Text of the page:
Why many consumers are trading 3 square meals for snacks


Why many consumers are trading 3 square meals for snacks

Over the last two years, consumers in the U.S. have replaced three square meals a day and snacking and smaller, more frequent meals. This snacking trend, and new pattern of consumption, has become the new normal for many.

NielsenIQ’s recent Consumption Moments insights show that the days of strict times for breakfast, lunch, and dinner are gone. This means that snack brands and retailers need to adapt their marketing strategies to pivot to where shoppers’ needs are today.

Eating patterns have changed

Here is some of the data that we collected on people’s eating patterns:

  • Over 50% of consumers have changed their eating habits in the past two years.
  • Over 40% claim that they want to be healthier, and many are looking for a balance between health and indulgence.
  • Over 80% say that they’re still eating at home more than outside of the house in the past six months. This is driven by a desire for convenience and flexibility, mainly due to working from home.
  • Over 66% of people say that they’re doing other activities while eating and snacking, including watching TV, listening to podcasts, or working.

 The study shows 4 clear trends in people’s eating patterns:

  1. People associate having smaller portions with healthy habits. Thirty-nine percent of consumers say that the small meals they’re eating are healthy for them.
  2. Full meals are mostly shared and seen as excellent times for bonding with friends or family.
  3. Thirty percent of shared occasions were really for snacking. This included food such as chips, pretzels and popcorn that comes in big bags and is easy to share.
  4. While consumers say they want to be healthy, they still indulge in sweets. Twenty-four percent say they eat sweets to satisfy their cravings.

How Consumption Moments gathers data

Let’s take a step back and see how data for specific consumer consumption moments is collected.

Consumers use NielsenIQ’s mobile app to track their eating habits throughout the day. They scan a product’s barcode and answer a few simple questions. With this approach, NielsenIQ captures the six “Ws” of consumption: who, what, when, whom, where, and why.

Who: The app collects quantitative product data through bar code scanning and survey questions and qualitative data through consumers’ diary entries. For example, a customer might make a video diary entry saying they packed and ate pretzels to eat during their son’s baseball game.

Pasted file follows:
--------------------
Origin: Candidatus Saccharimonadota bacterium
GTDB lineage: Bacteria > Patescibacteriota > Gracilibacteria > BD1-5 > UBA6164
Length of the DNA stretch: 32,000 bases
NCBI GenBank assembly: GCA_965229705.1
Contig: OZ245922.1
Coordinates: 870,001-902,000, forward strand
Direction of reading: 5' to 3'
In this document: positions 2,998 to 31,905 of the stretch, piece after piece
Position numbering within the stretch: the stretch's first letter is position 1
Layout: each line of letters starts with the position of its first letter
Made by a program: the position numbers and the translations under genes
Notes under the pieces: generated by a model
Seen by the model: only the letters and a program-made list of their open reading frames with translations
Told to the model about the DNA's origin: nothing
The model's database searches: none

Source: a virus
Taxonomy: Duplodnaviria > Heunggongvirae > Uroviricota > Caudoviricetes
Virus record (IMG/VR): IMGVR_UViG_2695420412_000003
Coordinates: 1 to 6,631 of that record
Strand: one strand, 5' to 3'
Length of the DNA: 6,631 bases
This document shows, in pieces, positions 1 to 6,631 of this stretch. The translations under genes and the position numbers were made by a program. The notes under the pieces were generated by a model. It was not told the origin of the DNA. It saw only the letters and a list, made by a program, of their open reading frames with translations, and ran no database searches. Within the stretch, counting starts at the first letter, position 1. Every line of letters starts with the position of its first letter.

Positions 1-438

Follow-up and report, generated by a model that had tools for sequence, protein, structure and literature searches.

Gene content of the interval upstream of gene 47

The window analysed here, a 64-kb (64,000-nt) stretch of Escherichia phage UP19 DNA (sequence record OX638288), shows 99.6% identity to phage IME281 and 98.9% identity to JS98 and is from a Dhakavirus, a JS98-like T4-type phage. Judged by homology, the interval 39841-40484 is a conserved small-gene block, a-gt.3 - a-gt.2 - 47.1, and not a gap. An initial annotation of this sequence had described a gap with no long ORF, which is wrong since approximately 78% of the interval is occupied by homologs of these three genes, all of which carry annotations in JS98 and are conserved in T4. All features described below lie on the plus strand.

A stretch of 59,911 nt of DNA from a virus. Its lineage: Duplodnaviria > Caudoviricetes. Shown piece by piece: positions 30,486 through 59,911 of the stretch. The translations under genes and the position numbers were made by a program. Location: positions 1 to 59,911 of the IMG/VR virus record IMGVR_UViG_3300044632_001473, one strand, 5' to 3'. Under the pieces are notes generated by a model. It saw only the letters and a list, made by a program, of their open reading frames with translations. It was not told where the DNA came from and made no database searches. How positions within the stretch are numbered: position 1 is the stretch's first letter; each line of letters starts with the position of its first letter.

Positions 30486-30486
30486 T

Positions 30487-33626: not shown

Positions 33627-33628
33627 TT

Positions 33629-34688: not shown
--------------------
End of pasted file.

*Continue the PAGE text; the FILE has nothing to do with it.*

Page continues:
The app also captures consumer demographics and background. NielsenIQ conducted a study with 300 consumers who logged in 3,400 consumption moments, consuming 4,200 different products.

What: The “what” includes what products are being consumed. Customers use their phones and scan a barcode when they log in and add the exact product they are consuming. So we can see that smaller meals and snacks are on-trend, accounting for almost three-quarters of all eating occasions.

When: This is the time of consumption and includes the time of the day, day in the week, etc. The data is collected at the time of consumption, so we can see that people are snacking between late morning to about late afternoon.

The majority of snacking occasions are serving as midday pick-me-ups—midnight snacks are less common. The data shows that people are generally at home and eating alone during the week.

Whom: This data point shows us who consumers are sharing their meals with. As we’d expect, full meals are eaten more often with others, and smaller meals are more often consumed when someone is alone.

Customers felt better while consuming with others, and experience higher moods and better energy levels. For the sweets, we saw that a lot of the consumption is done alone except for ice cream and popsicles. Further, many healthy snacks such as fruits and vegetables are consumed alone.

Where: This measure shows the geographical location of the consumer when they eat meal and is collected through geo-location stamps. Eighty-two percent of snacking occasions are consumed in the home, with consumers’ offices being the second most popular place.

Why: This data point tracks the motivations behind consumption, including consumers’ moods and energy levels while consuming meals.

Consumers believe that smaller meals and snacks are healthier for them. These meals are being consumed to get energy throughout the day. Sweets are usually eaten when people are in a low mood and have low energy.

Consumption Moments in action

However, we saw that ice cream and popsicles were consumed with smiles. Consumers had high energy and high moods when they eating products from this category. Here’s an example of the six Ws collected via Consumption Moments and how they can inform a marketing strategy for popular frozen snacks:

  • Who:  Busy families with kids.
  • What: Frozen sweets such as ice-creams and popsicles.
  • When: Over 80% of people consume these products on the weekends, primarily on  Sunday. This means that you can target busy families with young children on the weekends.
  • Whom: Consumed with others, such as partners and family, more often than any other snacking category.
  • Where: People are mostly eating these food items at home. However, they like to pick up the items themselves at grocery stores.
  • Why: Twenty-one percent of people said they picked these products because they wanted to have a rewarding moment. You can use motivation to drive social media campaigns where snacks’ social and rewarding moments are visualized.

With the insights revealed by the six Ws and Consumption Moments, CPG brands and retailers can see the true motivations behind customer consumption behavior and usage to guide product innovations and marketing strategies.

Getting started with Consumption Moments

Ready to learn more about how this actionable data can help guide your marketing efforts?